Transtheoretical Model (Stages of Change)


When it comes to boosting health, the bottom line is that if a person is unaware of his or her need to change, nothing you do as a health coach will be effective. (This is why court-appointed rehabilitation programs have much lower success rates than voluntary rehabilitation.) The clients and groups you serve must be aware of a need for a health related change.

The Transtheoretical Model (TTM), otherwise known as the Stages of Change model, describes the process of adopting healthy habits or, conversely, abandoning unhealthy habits. Every individual goes through these stages when they are changing health related habits.

Precontemplation Stage

I have no plans to make a change or take action in the near future (usually defined as within 6 months).

In this stage, an individual is either blissfully unaware that a change needs to take place or has decided that this change is not an option for them. They may be uninformed or under-informed. They could also have reached a stage of burnout. Perhaps they have tried smoking cessation multiple times and failed, so they now believe that quitting is simply not an option.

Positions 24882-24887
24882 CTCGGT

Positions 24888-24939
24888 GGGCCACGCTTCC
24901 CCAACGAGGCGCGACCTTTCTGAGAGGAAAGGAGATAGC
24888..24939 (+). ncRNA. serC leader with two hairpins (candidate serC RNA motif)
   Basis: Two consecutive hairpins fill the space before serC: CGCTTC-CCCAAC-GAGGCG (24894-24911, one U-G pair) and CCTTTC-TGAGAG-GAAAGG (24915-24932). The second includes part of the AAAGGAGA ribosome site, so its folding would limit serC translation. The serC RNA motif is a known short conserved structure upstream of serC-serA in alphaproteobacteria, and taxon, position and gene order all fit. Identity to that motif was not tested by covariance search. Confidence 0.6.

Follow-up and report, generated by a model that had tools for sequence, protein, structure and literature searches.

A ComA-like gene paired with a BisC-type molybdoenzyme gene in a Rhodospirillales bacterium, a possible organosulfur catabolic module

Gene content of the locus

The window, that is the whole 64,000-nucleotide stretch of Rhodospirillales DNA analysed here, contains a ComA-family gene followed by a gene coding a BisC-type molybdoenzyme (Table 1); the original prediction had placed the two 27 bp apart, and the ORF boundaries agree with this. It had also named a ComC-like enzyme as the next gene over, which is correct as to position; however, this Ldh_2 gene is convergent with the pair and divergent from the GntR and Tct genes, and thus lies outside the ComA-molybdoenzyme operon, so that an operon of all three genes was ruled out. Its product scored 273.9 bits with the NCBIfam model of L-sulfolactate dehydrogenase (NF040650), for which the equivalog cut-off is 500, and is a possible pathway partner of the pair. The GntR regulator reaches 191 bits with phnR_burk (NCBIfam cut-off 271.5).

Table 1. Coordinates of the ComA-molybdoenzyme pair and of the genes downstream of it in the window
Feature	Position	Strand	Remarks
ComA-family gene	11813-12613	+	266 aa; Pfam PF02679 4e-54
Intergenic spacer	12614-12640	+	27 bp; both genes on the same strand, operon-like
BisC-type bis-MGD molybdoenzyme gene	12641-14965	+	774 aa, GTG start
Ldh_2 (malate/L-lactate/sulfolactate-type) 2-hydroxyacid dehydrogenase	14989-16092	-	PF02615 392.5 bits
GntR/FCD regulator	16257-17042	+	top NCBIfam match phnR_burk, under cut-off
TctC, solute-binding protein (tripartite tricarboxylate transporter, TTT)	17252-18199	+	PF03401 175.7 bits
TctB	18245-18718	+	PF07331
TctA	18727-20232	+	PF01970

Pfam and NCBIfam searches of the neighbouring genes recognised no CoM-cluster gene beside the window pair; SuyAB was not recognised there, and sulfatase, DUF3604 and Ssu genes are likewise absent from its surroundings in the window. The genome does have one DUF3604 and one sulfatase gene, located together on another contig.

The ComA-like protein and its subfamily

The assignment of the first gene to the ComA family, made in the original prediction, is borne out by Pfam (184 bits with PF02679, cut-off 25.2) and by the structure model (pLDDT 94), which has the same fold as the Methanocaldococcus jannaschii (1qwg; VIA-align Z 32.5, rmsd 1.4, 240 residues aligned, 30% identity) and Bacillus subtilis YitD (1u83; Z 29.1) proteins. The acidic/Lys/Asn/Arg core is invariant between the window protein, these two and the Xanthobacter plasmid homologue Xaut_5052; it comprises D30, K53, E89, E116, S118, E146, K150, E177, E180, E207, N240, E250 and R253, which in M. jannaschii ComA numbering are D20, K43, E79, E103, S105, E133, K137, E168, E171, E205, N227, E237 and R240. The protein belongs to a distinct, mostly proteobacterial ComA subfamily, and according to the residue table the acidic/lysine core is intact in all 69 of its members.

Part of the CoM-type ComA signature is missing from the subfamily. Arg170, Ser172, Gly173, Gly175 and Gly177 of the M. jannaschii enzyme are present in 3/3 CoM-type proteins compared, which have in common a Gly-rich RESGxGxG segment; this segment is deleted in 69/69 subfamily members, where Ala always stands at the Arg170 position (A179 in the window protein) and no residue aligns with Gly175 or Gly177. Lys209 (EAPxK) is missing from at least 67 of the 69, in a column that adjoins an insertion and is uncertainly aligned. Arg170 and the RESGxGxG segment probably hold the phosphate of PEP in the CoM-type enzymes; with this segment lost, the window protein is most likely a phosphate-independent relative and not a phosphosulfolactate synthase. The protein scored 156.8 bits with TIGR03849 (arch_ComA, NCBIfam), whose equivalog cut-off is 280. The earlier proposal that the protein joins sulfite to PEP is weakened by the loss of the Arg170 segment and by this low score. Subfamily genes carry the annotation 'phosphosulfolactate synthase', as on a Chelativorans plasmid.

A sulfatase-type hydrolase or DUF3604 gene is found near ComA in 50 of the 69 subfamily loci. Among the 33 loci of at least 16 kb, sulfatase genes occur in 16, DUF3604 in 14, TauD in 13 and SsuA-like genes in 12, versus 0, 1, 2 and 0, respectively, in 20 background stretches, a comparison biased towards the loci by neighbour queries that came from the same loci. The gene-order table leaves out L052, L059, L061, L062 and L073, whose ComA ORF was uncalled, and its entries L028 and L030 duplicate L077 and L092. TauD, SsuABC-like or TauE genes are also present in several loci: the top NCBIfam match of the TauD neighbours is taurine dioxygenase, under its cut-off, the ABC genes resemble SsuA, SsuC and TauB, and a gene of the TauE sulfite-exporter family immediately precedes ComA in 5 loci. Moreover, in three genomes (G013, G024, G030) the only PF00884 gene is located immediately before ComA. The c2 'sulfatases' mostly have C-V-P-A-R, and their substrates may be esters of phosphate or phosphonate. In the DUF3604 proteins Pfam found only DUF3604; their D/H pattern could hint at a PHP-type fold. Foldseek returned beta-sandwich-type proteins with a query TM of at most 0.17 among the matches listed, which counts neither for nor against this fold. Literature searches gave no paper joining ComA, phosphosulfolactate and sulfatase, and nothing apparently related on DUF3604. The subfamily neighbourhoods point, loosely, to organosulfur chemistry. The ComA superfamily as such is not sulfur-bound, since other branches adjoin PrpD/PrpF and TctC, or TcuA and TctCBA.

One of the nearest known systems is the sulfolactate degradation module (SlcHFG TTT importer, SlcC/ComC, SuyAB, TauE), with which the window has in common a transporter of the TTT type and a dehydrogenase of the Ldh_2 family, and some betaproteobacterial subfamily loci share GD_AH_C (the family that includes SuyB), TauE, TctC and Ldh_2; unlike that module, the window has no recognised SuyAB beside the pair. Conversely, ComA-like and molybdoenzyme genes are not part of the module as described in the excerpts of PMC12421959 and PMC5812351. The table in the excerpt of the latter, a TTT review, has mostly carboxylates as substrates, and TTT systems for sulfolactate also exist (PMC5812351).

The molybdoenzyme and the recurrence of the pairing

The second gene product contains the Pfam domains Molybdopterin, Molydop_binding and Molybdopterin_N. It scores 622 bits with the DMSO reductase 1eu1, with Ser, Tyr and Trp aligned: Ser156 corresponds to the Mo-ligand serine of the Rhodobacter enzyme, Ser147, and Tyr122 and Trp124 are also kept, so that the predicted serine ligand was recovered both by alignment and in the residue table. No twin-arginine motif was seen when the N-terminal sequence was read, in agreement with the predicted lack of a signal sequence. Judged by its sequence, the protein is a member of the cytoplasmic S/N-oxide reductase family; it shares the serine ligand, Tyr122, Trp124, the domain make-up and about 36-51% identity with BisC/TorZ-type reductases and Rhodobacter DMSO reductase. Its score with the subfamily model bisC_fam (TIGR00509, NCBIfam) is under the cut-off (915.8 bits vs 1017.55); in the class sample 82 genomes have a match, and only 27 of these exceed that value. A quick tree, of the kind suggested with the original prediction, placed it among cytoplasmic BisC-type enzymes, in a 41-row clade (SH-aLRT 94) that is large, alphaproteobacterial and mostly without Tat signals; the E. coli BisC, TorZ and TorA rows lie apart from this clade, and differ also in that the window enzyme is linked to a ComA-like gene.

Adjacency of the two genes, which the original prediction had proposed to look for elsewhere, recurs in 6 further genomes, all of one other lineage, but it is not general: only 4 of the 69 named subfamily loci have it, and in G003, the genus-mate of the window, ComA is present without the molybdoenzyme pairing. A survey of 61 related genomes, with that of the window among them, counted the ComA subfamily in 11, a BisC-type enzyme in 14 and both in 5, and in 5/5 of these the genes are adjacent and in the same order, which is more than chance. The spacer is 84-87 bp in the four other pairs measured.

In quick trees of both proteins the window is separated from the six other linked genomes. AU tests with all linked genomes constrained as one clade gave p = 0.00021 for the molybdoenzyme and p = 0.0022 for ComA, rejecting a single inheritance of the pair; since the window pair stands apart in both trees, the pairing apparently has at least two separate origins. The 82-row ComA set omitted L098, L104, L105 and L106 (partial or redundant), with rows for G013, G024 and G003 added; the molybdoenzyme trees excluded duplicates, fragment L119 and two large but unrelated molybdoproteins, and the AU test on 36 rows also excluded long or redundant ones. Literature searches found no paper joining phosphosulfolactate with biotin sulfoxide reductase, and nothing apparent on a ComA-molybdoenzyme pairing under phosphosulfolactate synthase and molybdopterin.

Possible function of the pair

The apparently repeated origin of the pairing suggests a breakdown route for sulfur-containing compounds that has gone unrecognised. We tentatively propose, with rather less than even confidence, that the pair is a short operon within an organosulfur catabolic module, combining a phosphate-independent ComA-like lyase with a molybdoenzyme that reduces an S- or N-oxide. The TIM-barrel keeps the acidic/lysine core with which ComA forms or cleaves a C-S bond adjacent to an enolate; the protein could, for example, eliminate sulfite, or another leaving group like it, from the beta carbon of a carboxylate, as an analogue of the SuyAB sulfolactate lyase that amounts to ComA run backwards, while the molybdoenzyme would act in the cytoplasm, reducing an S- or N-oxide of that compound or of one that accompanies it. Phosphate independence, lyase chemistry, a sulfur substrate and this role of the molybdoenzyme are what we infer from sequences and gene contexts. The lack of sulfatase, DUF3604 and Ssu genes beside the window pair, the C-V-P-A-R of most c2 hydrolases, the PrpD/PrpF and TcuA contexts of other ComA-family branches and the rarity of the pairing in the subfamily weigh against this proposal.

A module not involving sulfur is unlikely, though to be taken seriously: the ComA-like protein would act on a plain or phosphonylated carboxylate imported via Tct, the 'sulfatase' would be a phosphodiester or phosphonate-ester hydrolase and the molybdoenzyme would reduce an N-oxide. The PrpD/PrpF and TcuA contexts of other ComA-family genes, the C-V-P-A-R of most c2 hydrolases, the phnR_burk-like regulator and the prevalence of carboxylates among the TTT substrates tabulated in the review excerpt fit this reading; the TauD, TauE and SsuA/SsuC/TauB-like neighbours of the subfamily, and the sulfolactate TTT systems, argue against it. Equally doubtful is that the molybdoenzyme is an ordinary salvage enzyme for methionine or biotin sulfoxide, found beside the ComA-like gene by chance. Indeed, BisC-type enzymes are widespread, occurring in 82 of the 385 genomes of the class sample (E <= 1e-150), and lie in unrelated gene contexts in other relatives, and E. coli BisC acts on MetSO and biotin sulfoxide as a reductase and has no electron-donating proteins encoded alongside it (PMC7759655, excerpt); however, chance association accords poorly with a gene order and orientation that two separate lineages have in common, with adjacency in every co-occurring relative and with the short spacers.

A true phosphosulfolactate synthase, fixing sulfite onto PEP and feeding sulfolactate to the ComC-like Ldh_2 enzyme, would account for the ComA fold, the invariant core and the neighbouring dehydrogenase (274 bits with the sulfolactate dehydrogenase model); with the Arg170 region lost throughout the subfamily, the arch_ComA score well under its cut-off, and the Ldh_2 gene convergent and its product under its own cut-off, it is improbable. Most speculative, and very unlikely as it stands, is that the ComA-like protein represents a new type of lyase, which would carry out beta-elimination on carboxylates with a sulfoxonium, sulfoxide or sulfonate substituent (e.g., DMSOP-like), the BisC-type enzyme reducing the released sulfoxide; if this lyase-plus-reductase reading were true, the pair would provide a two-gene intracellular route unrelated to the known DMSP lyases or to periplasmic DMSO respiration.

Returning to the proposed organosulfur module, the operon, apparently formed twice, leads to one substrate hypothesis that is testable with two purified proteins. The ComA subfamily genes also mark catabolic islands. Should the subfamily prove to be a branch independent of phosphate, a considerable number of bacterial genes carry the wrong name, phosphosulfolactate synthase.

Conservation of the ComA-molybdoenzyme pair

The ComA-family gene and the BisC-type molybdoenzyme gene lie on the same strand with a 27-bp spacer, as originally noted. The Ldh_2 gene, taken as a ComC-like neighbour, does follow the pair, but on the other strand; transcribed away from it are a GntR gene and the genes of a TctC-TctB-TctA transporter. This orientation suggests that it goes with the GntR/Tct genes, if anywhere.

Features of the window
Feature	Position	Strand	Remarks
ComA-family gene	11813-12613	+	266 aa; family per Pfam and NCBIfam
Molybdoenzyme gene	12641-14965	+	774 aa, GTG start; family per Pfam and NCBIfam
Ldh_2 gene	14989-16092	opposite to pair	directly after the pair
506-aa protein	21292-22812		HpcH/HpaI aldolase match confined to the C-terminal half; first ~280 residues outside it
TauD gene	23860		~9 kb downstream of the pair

Individuals in this stage may be defined as resistant or unmotivated (Glanz et al, 2007). They often avoid the topic and are uninterested in resources, supports, or materials related to making this change. It is important to recognize that these individuals are not ready for health promotion interventions such as rehabilitation or therapy. Interventions at this level involve the use of other theories to address the underlying concern.

Contemplation Stage

I am aware that this action is a good idea and am considering it.

In this stage, an individual is not immediately making plans to change, but is weighing the options. Contemplation is often described as an individual making plans to make a change within the next 6 months, but an individual can remain in contemplation indefinitely without ever transitioning to the next stage.